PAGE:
Filing of Form I-864 Affidavit of Support for Your Parents

Besides the proof of child-parent relationship, the U.S. citizen petitioner must submit Form I-864, Affidavit of Support. This document is a contract between the petitioner and the US government and is a binding commitment to provide financial support if necessary. In order to prove that they can provide financial support, the petitioner must demonstrate that they have sufficient assets or income to support their parents at 125% of the poverty level. To do this, the petitioner must provide evidence of their income (most recent federal tax return, W-2 and/or 1099 forms, current employment verification letter). If the petitioner doesn’t meet the minimum income requirements, assets can be used. Proof of assets could include documents such as bank statements, investment account statements, appraisal of real estate, and other financial documents. The Affidavit of Support must then be filed along with the other necessary documents when the parent files Form I-485, Application to Register Permanent Residence or Adjust Status.

Apply for Adjustment of Status – If Your Parents are Currently In the U.S.

The process for applying for a green card for parents in the U.S. is known as an Adjustment of Status. It means that the parent can complete the whole process while staying physically in the U.S. without need to return to their home country. To proceed with the application, parents must fill out Form I-485, Application to Register Permanent Residence or Adjust Status. Form I-485 can be filed at the same time as Form I-130 is submitted to USCIS. Along with the application, parents must submit documentary evidence such as birth certificates, passports, marriage and divorce certificates, US passport-style photographs, U.S. visa, I-94 form, CBP stamp, secondary evidence of birth (if available). Parents must also pass a medical examination and a background check in order to be approved for a green card. Additionally, an interview with a USCIS officer may be required for some applicants.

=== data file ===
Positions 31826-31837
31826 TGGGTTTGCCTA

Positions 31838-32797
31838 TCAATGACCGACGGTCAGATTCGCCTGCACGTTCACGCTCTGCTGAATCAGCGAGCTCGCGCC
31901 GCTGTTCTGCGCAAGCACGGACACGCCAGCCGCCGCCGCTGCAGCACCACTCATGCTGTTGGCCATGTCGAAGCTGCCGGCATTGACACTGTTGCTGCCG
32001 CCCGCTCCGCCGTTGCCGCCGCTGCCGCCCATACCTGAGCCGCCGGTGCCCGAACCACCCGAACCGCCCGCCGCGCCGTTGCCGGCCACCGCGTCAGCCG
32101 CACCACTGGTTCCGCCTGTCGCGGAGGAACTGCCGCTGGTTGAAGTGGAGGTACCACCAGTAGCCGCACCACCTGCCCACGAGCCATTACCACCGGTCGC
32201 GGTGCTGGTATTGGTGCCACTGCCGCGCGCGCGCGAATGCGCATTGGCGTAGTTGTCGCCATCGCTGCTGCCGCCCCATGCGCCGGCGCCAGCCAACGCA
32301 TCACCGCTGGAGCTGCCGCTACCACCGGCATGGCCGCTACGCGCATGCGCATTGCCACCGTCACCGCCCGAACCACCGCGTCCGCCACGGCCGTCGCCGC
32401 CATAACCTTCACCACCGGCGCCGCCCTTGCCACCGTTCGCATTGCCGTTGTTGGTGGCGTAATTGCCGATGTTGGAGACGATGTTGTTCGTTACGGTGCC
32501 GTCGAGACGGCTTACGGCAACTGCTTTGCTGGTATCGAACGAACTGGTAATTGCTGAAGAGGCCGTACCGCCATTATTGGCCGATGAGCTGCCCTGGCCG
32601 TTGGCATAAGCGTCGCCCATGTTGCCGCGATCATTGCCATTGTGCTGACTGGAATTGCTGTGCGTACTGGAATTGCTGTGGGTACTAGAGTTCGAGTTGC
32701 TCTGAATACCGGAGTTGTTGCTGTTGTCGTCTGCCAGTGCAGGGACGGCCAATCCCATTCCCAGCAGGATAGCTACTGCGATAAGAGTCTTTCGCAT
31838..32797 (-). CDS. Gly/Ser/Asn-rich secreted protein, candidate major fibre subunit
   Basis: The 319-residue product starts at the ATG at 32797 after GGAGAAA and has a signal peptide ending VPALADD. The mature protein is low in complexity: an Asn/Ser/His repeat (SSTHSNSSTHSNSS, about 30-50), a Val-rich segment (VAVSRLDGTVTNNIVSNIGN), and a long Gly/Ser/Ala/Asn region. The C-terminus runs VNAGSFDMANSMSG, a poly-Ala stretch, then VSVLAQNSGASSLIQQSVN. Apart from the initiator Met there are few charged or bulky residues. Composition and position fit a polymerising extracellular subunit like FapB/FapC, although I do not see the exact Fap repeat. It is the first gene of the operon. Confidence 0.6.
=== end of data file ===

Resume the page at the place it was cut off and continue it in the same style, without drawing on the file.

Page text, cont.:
Consular Processing – If Your Parent is Located Outside of the U.S.

If your parents are located abroad, the process will be divided into two steps. As discussed above, the first step is to file Form I-130, Petition for Alien Relative, with the U.S. Citizenship and Immigration Services (USCIS). Once the form has been approved, the petitioner and beneficiary will need to submit documents to the National Visa Center (NVC). These documents include parent’s passport, birth certificate, marriage certificate, police certificate and petitioner’s proof of current income.

After NVC approves the application, the next step is for the beneficiary to attend a visa interview at a U.S. embassy or consulate abroad. During the interview, the consulate officer will ask questions about the petitioner’s relationship with the beneficiary. After the interview, the consulate officer will decide if the beneficiary is eligible for an immigrant visa.

The issued immigrant visa will be valid for 6 months. The visa will allow the beneficiary to enter the United States and become a permanent resident. After entering the United States, the beneficiary will receive the green card by mail.